The visit, which had been under consideration for most of Mr. Obama’s presidency, could serve as a coda to the transformation in the relationship between Japan and the United States from wartime enemies to the closest of allies. But it also has the potential to open old wounds, and it will take place in the shadow of a growing nuclear threat from North Korea.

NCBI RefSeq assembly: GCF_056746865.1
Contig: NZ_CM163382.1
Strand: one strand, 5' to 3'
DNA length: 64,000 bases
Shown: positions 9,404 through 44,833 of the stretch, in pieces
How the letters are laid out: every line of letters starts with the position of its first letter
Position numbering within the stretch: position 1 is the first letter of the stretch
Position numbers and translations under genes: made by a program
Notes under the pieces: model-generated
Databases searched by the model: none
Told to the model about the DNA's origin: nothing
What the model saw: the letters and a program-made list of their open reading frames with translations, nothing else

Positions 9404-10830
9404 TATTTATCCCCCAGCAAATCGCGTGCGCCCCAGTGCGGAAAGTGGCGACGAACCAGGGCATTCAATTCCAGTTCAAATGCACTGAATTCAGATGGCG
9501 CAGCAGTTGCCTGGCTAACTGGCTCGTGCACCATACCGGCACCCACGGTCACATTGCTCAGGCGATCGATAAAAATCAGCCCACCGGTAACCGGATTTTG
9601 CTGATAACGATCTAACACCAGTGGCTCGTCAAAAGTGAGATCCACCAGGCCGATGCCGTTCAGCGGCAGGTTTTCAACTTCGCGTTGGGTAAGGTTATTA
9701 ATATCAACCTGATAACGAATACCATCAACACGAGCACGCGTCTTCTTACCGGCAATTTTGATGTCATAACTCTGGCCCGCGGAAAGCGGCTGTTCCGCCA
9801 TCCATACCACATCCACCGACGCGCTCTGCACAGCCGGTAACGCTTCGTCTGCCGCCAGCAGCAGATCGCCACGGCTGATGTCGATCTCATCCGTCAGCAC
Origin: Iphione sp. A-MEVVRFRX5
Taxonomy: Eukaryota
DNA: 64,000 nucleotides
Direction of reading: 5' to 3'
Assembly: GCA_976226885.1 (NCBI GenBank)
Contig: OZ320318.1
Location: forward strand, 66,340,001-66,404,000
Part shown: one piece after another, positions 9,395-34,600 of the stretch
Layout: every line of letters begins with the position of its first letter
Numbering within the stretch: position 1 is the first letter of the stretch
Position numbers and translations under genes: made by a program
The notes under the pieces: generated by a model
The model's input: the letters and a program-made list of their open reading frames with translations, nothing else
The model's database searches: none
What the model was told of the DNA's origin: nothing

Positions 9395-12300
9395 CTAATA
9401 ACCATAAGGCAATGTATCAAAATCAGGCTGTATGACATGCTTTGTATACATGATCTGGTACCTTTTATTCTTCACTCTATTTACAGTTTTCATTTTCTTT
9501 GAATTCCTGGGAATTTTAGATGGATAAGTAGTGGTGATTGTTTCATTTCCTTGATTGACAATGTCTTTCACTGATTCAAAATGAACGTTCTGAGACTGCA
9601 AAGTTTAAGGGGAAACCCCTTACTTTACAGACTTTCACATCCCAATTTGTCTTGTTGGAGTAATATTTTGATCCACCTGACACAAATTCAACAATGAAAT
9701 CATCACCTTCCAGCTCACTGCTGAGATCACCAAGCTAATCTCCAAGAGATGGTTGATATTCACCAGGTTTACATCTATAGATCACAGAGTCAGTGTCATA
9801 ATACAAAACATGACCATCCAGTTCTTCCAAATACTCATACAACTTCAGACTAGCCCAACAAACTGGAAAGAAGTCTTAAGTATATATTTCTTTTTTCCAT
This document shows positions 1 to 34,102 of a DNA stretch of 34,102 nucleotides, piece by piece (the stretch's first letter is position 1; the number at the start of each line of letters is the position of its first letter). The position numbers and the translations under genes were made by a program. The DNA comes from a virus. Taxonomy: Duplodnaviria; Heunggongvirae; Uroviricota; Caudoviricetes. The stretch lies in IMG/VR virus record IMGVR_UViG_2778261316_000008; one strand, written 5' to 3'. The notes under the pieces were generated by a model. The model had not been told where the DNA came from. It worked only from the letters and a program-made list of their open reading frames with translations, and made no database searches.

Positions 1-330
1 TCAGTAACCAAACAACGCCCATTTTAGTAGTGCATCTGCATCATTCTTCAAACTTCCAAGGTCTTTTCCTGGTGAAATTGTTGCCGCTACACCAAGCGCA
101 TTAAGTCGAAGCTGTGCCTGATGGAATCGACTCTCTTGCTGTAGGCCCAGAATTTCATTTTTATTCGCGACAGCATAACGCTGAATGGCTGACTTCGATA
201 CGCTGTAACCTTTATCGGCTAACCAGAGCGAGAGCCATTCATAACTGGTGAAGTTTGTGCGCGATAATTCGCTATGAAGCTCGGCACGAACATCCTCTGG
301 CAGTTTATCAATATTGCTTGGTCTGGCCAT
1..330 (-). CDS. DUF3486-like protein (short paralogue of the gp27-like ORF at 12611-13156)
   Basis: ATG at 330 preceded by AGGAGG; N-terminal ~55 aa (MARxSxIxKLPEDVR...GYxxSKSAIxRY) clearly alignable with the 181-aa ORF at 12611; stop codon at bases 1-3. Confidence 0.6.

Both American and Japanese officials sought to avoid any appearance that the visit would amount to an apology for the bombing, which killed more than 100,000 people.
Prime Minister Shinzo Abe of Japan has shown no signs of pressing for an apology. He instead framed the May 27 visit as a chance to honor the dead and support the cause of nuclear disarmament.